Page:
NOMA allows multiple users in a cluster to share the same resources by superposing their distinct message signals. All users are served on the same channel and time slot. All users/BSs are equipped with a single antenna. Within the representative cluster, any arbitrary user device located at with respect to its serving BS located at transmits its individual signal with power such that the superposed NOMA signal at the representative BS can be defined as follows:

(3)

where is the path-loss exponent and is the exponential random variable which models Rayleigh fading associated with the channel between the node located at and the BS located at . All fading coefficients are i.i.d. and the additive noise is complex Gaussian distributed with mean zero and variance per dimension.

Consequently, the uplink NOMA transmission of a user located at within the representative cluster is vulnerable to two kind of interferences, i.e.,

  • Intra-cluster interference: is the interference received at the representative BS from all user devices located within the representative cluster (except the user located at ). However, after performing SIC, some of these interferences can be removed (details of SIC will follow in the next section).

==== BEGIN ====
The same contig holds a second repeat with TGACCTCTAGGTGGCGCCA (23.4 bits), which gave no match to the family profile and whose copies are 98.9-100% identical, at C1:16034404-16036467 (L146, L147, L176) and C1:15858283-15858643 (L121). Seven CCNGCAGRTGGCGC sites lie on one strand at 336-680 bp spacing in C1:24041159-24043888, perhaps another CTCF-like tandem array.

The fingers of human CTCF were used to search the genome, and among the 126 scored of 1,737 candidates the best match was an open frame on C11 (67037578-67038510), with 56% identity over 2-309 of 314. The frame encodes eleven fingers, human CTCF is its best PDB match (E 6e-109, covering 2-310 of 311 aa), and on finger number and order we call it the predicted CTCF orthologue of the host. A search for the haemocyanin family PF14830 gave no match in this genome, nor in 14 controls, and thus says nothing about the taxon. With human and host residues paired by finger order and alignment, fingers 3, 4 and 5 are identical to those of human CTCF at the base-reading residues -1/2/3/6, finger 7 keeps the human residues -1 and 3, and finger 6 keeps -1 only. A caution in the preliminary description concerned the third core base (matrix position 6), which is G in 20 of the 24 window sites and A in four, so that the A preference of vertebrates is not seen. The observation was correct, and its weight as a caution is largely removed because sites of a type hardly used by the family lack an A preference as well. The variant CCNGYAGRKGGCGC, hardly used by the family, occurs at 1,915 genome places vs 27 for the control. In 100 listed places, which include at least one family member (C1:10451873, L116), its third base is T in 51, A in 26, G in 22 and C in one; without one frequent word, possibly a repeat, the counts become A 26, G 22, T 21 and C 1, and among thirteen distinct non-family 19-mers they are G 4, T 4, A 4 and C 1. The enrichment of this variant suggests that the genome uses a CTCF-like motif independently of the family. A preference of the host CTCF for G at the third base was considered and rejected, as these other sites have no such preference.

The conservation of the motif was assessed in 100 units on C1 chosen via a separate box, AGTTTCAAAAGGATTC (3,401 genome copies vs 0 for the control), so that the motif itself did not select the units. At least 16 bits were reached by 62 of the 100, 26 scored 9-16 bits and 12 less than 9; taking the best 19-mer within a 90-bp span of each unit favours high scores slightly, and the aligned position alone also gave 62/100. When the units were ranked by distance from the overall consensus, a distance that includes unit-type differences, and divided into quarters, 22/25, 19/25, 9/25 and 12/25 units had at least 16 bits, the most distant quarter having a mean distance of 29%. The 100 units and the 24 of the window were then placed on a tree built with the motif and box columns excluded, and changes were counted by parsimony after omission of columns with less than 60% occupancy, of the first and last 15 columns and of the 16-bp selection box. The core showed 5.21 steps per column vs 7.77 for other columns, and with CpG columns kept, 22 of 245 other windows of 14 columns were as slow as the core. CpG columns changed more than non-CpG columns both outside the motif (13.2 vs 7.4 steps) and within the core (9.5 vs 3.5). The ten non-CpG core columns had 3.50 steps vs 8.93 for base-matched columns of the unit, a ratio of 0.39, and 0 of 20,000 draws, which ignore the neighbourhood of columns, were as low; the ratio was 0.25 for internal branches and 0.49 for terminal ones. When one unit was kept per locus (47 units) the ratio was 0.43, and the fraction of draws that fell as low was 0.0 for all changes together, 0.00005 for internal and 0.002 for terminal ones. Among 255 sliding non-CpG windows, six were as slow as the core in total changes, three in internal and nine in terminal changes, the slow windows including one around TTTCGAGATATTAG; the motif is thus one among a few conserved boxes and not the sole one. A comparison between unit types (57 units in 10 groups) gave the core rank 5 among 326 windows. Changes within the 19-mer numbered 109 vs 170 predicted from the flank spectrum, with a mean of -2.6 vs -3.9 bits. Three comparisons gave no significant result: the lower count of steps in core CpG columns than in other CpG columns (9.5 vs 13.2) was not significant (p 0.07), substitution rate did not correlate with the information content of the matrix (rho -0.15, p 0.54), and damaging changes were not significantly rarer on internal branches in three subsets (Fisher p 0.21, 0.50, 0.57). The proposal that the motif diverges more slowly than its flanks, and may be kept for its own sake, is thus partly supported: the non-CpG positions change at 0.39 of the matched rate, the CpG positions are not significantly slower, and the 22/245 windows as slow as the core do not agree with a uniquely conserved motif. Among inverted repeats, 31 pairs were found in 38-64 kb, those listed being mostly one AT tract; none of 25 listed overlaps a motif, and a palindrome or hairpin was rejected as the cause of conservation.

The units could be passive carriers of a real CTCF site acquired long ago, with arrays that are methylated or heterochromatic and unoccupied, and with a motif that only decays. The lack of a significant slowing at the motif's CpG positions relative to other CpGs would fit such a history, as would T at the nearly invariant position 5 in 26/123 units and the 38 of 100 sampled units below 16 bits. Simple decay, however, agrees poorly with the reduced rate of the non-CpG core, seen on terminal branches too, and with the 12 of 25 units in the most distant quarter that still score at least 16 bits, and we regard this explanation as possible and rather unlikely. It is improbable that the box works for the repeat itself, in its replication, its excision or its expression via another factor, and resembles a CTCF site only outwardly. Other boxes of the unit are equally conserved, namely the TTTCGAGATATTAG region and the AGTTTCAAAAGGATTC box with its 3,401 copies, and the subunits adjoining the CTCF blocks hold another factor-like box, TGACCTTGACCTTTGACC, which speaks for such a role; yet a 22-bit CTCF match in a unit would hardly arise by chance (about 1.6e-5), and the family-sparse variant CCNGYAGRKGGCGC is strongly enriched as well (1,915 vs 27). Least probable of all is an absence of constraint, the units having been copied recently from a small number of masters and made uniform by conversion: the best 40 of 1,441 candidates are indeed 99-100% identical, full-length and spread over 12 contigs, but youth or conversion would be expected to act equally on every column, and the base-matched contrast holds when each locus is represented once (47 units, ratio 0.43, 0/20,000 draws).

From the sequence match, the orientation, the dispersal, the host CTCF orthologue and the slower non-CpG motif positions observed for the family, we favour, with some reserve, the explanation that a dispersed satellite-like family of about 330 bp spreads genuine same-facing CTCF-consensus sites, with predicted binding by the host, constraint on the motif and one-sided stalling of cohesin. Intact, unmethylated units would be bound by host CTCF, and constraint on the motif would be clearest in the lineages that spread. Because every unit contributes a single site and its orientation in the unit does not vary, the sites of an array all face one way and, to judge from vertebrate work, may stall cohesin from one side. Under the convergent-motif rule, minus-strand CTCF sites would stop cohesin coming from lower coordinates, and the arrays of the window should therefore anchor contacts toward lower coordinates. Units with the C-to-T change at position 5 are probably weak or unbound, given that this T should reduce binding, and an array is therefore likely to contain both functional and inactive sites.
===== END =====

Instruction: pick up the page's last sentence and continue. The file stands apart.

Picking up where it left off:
• Inter-cluster interference: is the interference received at the representative BS from all user devices located outside the representative cluster.

Provided that the center of the representative cluster is located at , the intra-cluster interference experienced by the transmission of user located at with respect to its cluster center can be modeled as follows:

(4)

Similarly, the inter-cluster interference at the representative BS from the user devices located outside the representative cluster center can be modeled as follows:

(5)

and . However, since NOMA systems rely on efficient SIC, the intra-cluster interference model needs to be adapted according to the level of SIC cancellations. This is elaborated in detail in the next section.

Iii Successive Interference Cancellation (SIC) and Performance Metrics

In this section, we will discuss the fundamental differences between conventional SIC and SIC for NOMA. We then describe the signal-to-interference-plus-noise ratio (SINR) modeling with perfect and imperfect SIC in uplink NOMA. Considering three possible SIC scenarios, i.e., perfect SIC, imperfect SIC, and imperfect worst case SIC, we finally define the performance metrics.